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People hold flags and placards as hundreds of supporters of the Michigan Conservative Coalition protest against the state's extended stay-at-home order at the Capitol building in Lansing, Michigan on April 15, 2020.SETH HERALD/Reuters

“We will not comply,” protesters shouted at Michigan’s Democratic Governor, Gretchen Whitmer, on Wednesday. It was in response to her stay-at-home order to combat the COVID-19 pandemic. “Lock her up,” they hollered.

Spurred on by right-wing media, demonstrations also took place in Democrat-led North Carolina and Republican-governed Ohio. Members of the GOP pressured the White House to reactivate the country; business leaders did the same. And President Donald Trump, who has been most anxious to do so, responded Thursday by issuing a three-phase reopening plan to be run by state governments.

No such foment has been evident in Canada, where, given that the virus has had a less lethal impact, pressure for an early reopening might have been more likely.

But Canadians have been more submissive, willing to heed the federal government’s desire to extend the lockdown with hardly a word of dissent.

It’s in keeping with the old stereotype advanced by U.S. sociologist Seymour Martin Lipset: Canadians are more law-abiding, statist and deferential than Americans.

Ronald Hamowy, who was a history professor at the University of Alberta, put it this way: “If you walk into a store in Canada, and you find a customer having a dispute with a sales clerk, 90 per cent of the other customers will immediately side with the clerk. That person is regarded as an official, and therefore the one to obey.” In the U.S., he said, it wouldn’t happen that way.

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This abiding character difference with Americans, the validity of which is sometimes contested, is now playing out in a critically important way. Canadians are siding with health officials over those who argue that the shutdown cure for the virus – which will probably lead to a long-running recession or depression – could bring on more suffering than the disease itself.

North of the border, the economic argument is not getting as much traction as it is in the U.S. Justin Trudeau’s hand is not likely to be forced by Mr. Trump’s move, at least not right away.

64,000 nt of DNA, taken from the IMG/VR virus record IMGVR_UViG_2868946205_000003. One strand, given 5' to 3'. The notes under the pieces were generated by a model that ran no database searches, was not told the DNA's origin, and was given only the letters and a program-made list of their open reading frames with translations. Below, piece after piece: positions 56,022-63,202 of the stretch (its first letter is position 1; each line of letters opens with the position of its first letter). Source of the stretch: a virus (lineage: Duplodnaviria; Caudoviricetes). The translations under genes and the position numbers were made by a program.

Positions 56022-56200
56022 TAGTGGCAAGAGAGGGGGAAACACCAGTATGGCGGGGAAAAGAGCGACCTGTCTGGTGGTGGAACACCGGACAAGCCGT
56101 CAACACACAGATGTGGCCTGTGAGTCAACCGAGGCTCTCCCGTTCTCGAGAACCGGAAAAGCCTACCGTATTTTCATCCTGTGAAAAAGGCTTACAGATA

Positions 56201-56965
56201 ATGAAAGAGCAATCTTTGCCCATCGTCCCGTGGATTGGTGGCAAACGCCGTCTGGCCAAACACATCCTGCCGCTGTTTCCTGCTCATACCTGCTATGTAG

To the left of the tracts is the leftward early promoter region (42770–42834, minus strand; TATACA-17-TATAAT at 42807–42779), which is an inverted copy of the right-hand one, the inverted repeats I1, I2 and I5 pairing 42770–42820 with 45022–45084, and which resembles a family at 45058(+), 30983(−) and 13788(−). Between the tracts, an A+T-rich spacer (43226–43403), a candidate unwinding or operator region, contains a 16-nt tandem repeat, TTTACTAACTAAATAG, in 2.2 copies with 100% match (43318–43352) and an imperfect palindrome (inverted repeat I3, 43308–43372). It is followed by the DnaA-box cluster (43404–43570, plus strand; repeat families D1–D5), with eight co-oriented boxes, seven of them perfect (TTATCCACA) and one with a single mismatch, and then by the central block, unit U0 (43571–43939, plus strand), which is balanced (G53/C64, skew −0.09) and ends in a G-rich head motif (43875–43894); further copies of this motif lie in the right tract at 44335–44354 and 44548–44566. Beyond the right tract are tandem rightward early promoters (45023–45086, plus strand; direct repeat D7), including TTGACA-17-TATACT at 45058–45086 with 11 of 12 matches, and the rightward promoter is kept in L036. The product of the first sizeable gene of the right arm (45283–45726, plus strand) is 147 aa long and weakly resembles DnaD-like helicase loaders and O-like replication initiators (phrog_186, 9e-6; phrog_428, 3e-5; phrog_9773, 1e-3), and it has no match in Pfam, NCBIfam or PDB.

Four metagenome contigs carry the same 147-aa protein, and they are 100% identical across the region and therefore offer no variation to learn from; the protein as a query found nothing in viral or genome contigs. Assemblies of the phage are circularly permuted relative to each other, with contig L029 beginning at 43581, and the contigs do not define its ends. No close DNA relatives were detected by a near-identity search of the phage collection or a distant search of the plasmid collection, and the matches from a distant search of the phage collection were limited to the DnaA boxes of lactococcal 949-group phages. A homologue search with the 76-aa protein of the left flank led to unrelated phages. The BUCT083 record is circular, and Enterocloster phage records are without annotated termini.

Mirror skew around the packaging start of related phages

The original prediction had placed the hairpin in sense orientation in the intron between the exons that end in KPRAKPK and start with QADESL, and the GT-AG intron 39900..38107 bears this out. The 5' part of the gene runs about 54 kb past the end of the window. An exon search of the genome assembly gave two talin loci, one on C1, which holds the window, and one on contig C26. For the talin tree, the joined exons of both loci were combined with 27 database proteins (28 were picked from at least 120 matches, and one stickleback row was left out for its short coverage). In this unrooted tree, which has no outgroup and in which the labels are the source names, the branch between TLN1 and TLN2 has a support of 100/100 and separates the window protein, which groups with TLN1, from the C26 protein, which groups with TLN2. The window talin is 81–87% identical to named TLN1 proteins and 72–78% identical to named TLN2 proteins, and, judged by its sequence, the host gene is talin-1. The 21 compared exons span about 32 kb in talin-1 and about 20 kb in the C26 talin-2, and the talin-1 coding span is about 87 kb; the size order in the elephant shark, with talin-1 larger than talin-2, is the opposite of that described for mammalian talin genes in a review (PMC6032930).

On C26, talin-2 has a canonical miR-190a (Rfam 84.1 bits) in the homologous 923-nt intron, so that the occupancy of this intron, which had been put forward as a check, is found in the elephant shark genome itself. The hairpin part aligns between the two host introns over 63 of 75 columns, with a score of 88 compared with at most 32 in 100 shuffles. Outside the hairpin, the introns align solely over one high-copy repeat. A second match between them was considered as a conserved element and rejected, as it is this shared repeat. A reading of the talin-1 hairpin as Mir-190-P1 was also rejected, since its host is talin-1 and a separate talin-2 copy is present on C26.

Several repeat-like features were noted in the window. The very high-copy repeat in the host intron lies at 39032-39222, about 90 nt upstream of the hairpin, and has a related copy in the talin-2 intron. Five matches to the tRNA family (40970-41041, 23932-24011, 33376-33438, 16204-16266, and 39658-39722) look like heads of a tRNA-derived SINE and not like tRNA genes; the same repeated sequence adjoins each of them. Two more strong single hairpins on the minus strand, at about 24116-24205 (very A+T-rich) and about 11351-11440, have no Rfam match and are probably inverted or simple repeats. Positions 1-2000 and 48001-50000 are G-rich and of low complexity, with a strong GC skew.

Frank Graves, whose Ekos firm has been doing opinion research for the Prime Minister on the virus, has found no urgency for a change of strategy. Canadians are generally satisfied with the approach, he said in an interview. “Our greater deference appears to be in play.”

Canadians’ attitudes have also been coloured by widespread animosity toward Mr. Trump. Moreover, his reopening plan has the look of being rushed, premature and capable of inducing chaos. U.S. public-health experts have warned that the country isn’t ready for opening up because its testing system, among other things, is still very deficient.

Mr. Trudeau will feel pressure if things go well in the states that open up early. Some Canadian provinces, where the incidence of the virus is more modest than in others, may want to follow suit. Mr. Graves thinks Canadians’ patience might wear thin in another month or two. The way Mr. Trudeau has been talking, the lockdown could last longer than that.

Mr. Trump is under more pressure to get his country moving because he faces an election this fall. A fundraising plea from the Republican Party that somehow landed in my mailbox Thursday warned that the President is in trouble in swing states. “Democrats are pouring millions into key battleground states that President Trump and his allies NEED to win,” it said. “We’ve already seen the ratings for races in three states shift in the Democrats’ favor!”

In the U.S., 22 million people have filed for unemployment assistance. In Ms. Whitmer’s Michigan, the unemployment rate is a staggering 25 per cent.

Mr. Trump had initially threatened to dictate to the states on when to reopen, but he eventually backed away. By leaving the decisions around timing to governors, he is protecting himself to some degree should further outbreaks of COVID-19 occur.

Like in the U.S., the Canadian economy is being decimated by the virus. But even calls for a gradual reopening with strict physical-distancing requirements and limits on the number of people in stores have been met with hostility. The opinion of health experts is considered gospel – even though in some instances they have been off the mark.

Old habits die hard. The late Lipset contended that Canadians’ deferential tendencies have been around since the counterrevolutionary United Empire Loyalists fled north, leaving the American revolutionaries behind.

It’s at times like this that the country finds out how beneficial its enduring character trait is.

Fareed Zakaria says Canada needs to use its positive influence on the U.S. so America can contribute to international solutions for a world gripped by the coronavirus pandemic. The author and journalist was in conversation with Rudyard Griffiths of the Munk Debates.

The Globe and Mail

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